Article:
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Developing Decision Aids to Enable Human Spaceflight Autonomy

Jeremy D. Frank, Kerry McGuire, Haifa R. Moses, Jerri Stephenson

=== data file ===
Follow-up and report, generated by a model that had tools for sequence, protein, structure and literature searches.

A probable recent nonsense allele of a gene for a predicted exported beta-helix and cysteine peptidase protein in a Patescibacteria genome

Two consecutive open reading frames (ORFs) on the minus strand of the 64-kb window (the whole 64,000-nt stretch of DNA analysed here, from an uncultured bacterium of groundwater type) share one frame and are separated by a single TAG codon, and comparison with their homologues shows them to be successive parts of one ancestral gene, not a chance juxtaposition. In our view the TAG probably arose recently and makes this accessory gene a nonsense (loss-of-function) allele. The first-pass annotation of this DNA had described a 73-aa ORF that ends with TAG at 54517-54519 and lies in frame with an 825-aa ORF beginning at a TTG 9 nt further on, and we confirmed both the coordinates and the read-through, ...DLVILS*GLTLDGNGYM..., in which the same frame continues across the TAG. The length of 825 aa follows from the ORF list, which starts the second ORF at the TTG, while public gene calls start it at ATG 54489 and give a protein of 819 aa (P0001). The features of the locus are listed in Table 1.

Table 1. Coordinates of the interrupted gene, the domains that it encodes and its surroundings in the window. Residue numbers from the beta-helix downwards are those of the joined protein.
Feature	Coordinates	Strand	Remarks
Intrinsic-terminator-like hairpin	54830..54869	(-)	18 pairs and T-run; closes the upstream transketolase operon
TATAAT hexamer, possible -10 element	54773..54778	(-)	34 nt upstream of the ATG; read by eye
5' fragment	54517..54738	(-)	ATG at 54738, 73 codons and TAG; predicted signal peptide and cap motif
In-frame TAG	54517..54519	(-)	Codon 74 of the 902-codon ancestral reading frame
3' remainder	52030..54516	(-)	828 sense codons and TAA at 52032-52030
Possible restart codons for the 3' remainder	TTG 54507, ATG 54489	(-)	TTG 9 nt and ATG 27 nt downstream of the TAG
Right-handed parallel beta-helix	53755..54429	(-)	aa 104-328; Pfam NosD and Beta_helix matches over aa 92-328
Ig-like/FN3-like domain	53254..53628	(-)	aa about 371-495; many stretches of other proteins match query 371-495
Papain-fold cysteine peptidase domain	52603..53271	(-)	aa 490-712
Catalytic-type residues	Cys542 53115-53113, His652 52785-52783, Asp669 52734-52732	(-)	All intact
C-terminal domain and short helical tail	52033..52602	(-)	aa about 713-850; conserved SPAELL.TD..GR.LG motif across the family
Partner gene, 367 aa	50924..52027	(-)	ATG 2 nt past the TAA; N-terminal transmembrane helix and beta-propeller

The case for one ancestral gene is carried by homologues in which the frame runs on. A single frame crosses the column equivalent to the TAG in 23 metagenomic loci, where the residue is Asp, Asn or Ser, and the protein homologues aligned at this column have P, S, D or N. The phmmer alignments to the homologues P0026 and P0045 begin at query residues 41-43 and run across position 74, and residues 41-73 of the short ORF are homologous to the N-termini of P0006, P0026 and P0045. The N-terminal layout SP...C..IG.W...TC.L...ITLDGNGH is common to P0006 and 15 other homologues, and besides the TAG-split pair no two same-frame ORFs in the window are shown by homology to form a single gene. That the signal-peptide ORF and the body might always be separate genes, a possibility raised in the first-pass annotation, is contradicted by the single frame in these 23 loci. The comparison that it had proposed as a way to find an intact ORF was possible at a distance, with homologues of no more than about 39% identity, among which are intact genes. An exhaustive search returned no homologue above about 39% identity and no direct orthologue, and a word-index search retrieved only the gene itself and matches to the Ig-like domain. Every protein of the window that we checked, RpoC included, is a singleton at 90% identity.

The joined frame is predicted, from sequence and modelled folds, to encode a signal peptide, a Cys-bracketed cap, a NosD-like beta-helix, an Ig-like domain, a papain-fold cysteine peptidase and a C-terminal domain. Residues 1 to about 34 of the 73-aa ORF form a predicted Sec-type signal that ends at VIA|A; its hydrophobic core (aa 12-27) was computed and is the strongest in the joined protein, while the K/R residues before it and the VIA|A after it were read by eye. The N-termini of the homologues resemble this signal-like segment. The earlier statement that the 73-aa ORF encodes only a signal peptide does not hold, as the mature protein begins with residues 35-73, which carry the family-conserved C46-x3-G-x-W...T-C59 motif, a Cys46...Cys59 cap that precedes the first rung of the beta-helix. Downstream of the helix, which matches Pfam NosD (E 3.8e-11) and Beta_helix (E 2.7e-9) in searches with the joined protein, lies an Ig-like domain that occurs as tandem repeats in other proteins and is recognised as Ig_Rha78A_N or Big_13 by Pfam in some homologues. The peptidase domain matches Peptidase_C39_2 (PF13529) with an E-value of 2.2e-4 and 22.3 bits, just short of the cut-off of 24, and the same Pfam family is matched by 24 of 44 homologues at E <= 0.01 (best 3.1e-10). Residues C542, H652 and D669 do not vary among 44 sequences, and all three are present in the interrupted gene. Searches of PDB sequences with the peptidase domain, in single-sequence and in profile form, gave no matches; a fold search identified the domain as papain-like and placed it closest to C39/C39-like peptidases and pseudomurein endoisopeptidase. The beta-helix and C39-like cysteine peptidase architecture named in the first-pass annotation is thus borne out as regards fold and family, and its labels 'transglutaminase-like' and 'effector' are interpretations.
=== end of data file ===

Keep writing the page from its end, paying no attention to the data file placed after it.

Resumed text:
As NASA explores destinations beyond the Moon, the distance between Earth and spacecraft will increase communication delays between astronauts and Mission Control. Today, astronauts coordinate with Mission Control to request assistance and await approval to perform tasks. Many of these coordination tasks require multiple exchanges of information, (for example, taking turns). In the presence of long communication delays, the length of time between turns may lead to inefficiency, or increased mission risk. Future astronauts will need software-based decision aids to enable them to work autonomously from Mission Control. These tools require the right combination of mission operations functions, for example, automated planning and fault management, troubleshooting recommendations, easy to access information, and just-in-time training. Ensuring these elements are properly designed and integrated requires an integrated human factors approach. This article describes a recent demonstration of autonomous mission operations using a novel software-based decision aid onboard the International Space Station. We describe how this new technology changes the way astronauts coordinate with mission control, and how the lessons learned from these early demonstrations will enable the operational autonomy needed to ensure astronauts can safely journey to Mars, and beyond.

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